But the Lord of the new covenant did not deride the old covenant. Some Christians in the early centuries of the church did. They wanted to do away with the Old Testament, and reject the God of the Jews. The church, however, declared their views heretical -- for Jesus had said that he came not to abolish the Law and the Prophets but to fulfill them. Notice the strong wording of Matthew 5:17-20, especially verse 18. Iota refers to the smallest letter in the Hebrew alphabet. The dot is an ornamental mark that the scribes used in writing. Although we know that Jesus was less concerned with minute details of the Law than with man's basic relation to God, he is here saying: If you truly understand what God asks in the Law, you will see that none of it (not an iota or dot) is lost in my teaching.

Yet Jesus' method was not to elaborate, develop, and bring up to date the Law by applying it to the many details of first-century Palestinian life. That was the method of the conscientious Pharisees. Jesus rather went to the heart of the Law, extracted its divinely-given meaning from the surrounding web of words and customs, and proclaimed the will of God in its purity. But to those who concentrated on the externals, Jesus appeared to be wrecking the most sacred of religious institutions.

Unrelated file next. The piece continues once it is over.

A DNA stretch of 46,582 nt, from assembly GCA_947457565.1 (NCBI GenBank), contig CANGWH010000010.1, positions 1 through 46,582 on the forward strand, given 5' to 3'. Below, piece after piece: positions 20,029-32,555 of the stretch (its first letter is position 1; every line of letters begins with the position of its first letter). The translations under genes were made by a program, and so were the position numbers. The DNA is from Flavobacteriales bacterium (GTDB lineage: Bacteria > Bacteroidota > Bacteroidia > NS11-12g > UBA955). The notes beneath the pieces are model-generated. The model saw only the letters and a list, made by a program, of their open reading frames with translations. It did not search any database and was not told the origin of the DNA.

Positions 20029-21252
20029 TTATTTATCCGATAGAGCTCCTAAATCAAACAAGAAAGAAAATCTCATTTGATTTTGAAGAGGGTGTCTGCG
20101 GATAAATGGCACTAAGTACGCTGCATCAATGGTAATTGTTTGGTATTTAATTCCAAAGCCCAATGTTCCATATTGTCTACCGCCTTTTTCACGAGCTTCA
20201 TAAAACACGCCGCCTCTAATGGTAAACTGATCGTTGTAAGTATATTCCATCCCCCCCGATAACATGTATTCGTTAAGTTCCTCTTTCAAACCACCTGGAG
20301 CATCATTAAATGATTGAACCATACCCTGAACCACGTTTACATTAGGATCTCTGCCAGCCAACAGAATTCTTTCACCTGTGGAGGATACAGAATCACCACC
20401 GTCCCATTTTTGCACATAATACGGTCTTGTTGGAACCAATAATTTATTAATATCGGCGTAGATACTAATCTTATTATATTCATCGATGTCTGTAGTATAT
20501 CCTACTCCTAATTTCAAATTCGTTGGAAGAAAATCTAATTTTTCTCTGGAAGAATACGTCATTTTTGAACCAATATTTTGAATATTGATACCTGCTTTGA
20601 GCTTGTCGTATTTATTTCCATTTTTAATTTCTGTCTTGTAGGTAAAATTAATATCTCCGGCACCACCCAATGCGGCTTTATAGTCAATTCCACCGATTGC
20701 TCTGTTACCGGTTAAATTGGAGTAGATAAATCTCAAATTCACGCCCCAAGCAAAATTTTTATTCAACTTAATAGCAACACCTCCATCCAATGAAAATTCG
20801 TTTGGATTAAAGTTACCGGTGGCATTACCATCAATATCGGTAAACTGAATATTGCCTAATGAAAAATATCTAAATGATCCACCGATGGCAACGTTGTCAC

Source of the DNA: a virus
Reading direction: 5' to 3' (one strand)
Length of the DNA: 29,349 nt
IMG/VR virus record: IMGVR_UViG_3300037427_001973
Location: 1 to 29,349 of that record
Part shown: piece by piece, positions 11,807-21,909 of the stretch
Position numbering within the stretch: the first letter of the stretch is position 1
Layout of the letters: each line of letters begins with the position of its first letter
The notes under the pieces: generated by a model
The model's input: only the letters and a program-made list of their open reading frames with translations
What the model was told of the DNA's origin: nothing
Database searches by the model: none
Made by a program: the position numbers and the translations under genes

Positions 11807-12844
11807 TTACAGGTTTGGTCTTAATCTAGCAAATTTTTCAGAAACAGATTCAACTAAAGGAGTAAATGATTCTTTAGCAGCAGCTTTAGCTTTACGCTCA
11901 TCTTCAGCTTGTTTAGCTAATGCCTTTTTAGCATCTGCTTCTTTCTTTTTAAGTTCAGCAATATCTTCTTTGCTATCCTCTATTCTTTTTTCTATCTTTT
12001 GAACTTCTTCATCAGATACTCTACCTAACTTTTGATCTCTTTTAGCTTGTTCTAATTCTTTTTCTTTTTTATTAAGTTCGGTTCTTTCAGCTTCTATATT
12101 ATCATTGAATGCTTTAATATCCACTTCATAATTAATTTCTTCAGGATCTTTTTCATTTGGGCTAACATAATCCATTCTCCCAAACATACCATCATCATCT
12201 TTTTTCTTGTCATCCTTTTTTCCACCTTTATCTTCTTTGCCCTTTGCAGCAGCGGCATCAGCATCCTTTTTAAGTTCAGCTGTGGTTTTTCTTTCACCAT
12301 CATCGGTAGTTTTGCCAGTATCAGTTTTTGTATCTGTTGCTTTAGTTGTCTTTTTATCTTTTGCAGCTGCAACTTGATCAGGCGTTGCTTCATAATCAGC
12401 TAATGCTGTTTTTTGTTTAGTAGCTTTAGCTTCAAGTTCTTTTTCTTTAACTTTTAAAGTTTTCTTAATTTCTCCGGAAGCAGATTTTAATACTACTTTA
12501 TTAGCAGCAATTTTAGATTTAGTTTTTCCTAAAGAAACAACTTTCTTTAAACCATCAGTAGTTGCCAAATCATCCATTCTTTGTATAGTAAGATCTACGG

What Is New in Jesus' Teaching?

Sometimes Jesus startled his listeners with a statement so new that they were shocked by it. More

often his ideas were not new, at least not in the sense that no one had ever thought of them before. Most of the sentences in the Sermon on the Mount have their parallels in the Old Testament or in the rabbinic writings of Jesus' time.